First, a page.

I am a fan of regional history but not of dry history lessons, so I was psyched with the new biography on the life of Pierre-Espirit Radisson. Canadian journalist Mark Bourrie has written a swashbuckling tale of Radisson’s swashbuckling life. Turns out, stopping in Ashland on one of his expeditions is just one of his many adventures.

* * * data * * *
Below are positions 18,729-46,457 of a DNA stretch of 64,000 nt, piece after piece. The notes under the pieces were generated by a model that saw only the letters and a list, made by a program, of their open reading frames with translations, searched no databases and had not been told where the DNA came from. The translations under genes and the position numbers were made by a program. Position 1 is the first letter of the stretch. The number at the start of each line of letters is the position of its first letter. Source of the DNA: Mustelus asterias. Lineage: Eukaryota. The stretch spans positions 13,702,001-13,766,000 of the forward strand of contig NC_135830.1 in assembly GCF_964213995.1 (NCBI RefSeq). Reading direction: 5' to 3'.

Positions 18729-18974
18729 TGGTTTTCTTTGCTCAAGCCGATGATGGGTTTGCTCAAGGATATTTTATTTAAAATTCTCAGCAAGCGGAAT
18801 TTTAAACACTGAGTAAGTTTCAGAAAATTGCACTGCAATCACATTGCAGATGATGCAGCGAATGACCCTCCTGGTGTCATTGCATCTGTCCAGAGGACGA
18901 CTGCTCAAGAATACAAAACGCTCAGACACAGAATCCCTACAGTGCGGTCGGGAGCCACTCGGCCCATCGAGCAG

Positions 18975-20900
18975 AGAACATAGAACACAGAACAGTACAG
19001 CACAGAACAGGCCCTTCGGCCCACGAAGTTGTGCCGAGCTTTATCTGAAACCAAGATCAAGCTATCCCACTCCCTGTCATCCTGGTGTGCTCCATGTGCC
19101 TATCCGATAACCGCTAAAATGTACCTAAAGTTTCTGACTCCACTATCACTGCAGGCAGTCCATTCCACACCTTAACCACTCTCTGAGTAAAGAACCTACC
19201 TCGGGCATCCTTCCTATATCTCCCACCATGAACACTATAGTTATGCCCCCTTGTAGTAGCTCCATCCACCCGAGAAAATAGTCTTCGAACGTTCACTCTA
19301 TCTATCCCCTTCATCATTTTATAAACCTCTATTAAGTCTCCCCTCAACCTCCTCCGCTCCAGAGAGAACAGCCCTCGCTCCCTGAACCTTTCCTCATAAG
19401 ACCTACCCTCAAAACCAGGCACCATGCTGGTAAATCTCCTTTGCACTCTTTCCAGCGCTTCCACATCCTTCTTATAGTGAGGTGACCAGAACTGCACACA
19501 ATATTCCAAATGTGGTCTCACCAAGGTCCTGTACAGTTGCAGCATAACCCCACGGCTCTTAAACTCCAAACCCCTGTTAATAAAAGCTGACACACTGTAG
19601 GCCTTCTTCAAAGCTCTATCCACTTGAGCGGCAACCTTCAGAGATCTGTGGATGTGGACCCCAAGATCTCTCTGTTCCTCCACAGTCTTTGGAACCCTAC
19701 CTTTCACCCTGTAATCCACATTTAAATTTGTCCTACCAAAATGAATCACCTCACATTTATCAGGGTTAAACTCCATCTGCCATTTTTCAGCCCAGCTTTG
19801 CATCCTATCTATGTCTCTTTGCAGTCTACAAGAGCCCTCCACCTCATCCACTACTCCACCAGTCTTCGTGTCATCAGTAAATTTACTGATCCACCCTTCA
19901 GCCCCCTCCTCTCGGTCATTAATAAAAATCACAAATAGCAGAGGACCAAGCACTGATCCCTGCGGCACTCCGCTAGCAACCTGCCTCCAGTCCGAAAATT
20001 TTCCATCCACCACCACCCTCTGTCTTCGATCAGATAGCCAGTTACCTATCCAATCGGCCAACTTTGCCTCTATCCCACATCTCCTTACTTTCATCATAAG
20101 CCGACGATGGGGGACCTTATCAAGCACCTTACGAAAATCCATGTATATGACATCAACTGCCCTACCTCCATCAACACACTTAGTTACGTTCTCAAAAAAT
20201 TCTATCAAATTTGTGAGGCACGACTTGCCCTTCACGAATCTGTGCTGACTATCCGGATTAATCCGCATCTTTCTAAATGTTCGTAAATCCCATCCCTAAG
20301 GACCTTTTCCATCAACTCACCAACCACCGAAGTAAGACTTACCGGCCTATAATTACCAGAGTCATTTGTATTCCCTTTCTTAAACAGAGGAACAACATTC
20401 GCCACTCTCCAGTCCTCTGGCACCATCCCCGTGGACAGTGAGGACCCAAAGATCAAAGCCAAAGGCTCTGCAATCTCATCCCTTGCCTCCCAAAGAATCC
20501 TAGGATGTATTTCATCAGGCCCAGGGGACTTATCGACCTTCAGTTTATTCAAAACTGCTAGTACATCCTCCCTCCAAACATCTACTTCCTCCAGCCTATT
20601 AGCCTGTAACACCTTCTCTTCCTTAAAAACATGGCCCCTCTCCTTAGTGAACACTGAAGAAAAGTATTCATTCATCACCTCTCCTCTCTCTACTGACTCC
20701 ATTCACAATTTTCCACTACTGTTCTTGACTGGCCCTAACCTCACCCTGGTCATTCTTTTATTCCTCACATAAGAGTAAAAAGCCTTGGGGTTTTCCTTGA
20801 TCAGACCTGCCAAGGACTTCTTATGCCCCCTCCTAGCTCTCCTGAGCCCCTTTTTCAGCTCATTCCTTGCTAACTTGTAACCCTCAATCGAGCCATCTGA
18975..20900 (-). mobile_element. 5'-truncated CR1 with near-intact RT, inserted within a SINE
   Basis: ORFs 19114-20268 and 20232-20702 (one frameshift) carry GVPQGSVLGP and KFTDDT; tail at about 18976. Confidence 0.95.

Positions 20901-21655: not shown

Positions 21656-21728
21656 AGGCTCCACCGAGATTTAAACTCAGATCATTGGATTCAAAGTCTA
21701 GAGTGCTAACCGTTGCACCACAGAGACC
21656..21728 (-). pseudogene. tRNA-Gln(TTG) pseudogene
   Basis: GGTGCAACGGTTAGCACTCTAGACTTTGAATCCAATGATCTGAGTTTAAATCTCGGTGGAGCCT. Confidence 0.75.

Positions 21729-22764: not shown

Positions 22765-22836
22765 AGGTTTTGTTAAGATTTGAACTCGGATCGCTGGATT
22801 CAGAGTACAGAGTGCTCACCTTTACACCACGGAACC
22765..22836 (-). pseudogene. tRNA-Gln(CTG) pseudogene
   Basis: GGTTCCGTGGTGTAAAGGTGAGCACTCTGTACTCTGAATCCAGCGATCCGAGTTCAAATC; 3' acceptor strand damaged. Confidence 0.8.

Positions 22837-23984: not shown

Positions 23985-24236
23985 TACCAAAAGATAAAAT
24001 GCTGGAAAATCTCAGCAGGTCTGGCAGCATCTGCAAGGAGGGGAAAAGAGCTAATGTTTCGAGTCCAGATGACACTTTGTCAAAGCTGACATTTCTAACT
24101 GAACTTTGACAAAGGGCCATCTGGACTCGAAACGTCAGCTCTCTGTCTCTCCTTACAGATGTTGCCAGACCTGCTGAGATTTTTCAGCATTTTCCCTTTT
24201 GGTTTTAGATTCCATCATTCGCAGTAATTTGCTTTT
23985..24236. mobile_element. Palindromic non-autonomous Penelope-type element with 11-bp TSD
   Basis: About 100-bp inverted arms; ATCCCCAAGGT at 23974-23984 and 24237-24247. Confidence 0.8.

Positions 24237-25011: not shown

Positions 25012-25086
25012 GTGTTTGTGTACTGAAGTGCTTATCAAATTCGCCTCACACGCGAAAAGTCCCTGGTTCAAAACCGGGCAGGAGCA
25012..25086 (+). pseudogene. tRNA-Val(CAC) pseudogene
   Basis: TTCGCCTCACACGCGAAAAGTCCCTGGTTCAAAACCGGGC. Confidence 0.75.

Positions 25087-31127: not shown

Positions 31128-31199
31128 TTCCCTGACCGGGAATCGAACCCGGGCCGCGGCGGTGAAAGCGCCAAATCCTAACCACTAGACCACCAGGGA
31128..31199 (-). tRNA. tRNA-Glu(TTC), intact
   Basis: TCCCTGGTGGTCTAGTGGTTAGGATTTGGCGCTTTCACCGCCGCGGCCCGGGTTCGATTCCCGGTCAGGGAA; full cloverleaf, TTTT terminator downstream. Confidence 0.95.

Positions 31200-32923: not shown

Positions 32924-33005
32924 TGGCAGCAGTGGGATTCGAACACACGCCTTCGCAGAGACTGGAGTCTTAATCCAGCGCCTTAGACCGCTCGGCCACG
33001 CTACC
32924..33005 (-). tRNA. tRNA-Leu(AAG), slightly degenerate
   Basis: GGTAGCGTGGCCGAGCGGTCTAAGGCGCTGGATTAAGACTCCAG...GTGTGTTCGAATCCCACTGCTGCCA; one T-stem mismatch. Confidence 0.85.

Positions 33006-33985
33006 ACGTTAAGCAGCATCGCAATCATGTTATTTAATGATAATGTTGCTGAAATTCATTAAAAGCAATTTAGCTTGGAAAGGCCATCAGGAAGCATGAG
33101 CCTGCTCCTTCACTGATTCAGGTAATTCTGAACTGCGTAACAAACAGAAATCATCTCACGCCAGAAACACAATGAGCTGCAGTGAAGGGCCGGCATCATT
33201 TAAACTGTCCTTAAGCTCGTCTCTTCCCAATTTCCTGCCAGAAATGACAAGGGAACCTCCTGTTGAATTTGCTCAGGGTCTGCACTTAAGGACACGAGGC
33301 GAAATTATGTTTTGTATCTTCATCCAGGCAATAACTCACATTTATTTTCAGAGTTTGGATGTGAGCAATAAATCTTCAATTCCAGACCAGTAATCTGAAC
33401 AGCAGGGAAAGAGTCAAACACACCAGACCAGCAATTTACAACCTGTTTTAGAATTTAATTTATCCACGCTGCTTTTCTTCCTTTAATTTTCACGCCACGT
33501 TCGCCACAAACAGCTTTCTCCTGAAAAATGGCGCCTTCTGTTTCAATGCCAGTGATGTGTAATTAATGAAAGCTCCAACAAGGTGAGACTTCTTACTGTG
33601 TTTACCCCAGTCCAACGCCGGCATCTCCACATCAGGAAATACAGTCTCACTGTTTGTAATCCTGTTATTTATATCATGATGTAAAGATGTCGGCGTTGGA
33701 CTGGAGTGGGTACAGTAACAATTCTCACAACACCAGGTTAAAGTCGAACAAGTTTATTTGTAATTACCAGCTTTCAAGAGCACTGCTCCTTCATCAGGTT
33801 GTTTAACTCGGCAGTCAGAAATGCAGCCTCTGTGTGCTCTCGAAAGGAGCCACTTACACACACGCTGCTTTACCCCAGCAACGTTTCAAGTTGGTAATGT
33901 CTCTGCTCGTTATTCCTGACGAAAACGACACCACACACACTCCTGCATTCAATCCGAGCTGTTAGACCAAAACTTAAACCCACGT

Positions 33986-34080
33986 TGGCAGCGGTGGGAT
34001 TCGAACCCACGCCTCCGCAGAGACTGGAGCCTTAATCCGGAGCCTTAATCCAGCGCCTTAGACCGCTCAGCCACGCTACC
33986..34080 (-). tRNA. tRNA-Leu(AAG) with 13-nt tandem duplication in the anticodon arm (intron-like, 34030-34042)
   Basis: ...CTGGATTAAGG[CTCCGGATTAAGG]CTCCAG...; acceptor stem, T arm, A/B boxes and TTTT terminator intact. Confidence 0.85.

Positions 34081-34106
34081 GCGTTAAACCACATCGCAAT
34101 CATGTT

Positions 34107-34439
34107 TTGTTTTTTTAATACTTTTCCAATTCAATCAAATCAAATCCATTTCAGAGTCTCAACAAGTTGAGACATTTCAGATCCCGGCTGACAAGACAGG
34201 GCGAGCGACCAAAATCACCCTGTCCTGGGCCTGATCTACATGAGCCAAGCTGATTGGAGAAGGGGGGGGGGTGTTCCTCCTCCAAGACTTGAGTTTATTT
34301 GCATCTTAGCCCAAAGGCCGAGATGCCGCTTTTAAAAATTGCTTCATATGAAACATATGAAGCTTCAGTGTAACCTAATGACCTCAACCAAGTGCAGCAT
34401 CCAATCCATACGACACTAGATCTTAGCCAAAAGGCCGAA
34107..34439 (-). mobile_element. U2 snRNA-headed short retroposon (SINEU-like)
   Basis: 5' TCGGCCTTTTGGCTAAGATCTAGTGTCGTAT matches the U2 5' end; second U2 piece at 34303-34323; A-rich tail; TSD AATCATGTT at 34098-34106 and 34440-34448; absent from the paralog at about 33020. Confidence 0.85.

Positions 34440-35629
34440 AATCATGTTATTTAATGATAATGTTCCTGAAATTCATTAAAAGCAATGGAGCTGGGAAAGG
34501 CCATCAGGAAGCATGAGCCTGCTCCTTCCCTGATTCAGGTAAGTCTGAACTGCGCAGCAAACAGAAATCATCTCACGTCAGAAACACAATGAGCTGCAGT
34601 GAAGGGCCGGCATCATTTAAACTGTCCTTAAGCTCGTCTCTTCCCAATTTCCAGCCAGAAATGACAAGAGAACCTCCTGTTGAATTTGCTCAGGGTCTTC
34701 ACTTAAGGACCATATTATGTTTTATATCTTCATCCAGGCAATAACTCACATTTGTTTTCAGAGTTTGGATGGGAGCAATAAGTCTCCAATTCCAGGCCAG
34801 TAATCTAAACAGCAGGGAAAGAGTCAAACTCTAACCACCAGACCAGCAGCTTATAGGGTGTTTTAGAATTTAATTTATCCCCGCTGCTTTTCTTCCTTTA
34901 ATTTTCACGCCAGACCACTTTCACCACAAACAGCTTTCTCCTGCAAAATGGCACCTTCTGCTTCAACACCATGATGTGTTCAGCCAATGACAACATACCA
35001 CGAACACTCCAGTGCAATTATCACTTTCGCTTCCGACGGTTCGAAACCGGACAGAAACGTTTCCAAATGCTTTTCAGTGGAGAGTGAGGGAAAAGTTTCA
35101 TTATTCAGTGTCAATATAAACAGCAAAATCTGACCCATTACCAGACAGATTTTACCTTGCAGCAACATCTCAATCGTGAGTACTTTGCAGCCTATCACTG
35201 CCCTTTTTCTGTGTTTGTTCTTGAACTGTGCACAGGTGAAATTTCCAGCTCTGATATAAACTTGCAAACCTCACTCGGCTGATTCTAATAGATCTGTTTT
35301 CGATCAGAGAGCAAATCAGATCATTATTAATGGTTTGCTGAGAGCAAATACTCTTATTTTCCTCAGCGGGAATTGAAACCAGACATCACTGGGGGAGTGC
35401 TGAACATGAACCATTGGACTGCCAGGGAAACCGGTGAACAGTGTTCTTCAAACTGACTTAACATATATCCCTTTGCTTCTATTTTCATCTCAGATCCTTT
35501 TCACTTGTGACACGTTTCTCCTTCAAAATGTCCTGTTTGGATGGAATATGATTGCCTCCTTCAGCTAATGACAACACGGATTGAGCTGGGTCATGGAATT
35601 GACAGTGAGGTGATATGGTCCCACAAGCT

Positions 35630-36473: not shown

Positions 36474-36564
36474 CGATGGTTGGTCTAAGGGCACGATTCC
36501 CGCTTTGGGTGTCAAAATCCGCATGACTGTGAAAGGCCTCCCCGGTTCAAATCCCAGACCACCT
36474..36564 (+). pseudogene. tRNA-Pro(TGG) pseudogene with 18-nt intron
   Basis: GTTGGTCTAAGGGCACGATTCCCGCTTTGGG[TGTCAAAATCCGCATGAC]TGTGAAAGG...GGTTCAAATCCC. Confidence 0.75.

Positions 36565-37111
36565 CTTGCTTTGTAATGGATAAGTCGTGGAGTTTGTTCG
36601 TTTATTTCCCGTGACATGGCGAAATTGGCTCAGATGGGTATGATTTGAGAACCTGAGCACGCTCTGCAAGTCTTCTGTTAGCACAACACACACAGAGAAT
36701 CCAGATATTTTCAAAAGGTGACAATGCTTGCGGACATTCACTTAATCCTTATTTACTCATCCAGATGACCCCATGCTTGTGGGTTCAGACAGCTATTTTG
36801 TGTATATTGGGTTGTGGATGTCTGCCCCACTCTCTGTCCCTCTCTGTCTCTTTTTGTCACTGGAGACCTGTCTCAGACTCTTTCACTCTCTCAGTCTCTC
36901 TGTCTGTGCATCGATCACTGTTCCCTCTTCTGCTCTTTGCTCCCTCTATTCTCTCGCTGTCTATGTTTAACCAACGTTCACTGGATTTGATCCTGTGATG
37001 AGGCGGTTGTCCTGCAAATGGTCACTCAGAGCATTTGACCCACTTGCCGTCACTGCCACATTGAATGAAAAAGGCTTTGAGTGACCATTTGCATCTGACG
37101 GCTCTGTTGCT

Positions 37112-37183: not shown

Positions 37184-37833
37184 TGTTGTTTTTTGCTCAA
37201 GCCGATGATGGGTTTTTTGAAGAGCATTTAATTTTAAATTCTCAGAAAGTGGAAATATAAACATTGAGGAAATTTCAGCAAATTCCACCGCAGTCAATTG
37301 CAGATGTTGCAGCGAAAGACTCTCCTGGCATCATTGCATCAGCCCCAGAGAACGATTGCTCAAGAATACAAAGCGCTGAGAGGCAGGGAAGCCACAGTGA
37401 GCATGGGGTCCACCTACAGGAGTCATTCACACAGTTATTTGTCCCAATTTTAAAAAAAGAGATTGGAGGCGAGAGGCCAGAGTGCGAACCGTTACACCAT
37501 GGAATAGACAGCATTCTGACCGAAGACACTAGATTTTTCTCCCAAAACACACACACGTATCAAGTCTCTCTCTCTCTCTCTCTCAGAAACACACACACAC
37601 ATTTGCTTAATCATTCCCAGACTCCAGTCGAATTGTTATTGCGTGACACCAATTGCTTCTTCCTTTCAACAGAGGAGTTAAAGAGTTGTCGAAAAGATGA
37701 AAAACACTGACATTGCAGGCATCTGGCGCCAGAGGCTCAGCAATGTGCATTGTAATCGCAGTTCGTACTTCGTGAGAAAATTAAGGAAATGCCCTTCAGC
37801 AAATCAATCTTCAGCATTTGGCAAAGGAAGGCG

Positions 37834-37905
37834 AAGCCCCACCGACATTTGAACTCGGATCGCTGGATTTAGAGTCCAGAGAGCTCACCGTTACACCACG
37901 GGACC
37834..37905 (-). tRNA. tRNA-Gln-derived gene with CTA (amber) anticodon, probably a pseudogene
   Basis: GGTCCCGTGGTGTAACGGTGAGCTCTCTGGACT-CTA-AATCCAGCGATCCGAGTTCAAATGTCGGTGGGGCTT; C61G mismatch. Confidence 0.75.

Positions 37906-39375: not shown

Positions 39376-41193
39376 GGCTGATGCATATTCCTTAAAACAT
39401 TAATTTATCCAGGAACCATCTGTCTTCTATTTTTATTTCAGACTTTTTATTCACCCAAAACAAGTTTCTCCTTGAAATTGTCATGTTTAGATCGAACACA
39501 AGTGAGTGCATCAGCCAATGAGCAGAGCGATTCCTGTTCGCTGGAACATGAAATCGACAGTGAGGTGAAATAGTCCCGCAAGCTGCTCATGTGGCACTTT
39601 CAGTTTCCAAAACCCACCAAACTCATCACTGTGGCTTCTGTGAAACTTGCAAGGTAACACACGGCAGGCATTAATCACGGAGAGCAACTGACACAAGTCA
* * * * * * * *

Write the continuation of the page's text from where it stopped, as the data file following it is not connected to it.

Radisson was a free spirit who charmed his way across cultures, languages and continents. I was fascinated by the details of life and indigenous practices in the first quarter of the book. There is an in-depth description of a starving first winter near Chequamegon Bay and the intertribal feast held to mark the end of winter. It was refreshing to read a work placing the early exploration of the region in a critical modern context. In this book, North America is not “discovered” and the region is not portrayed as “uninhabited wilderness,” but rather as a landscape full of vibrant indigenous cultures.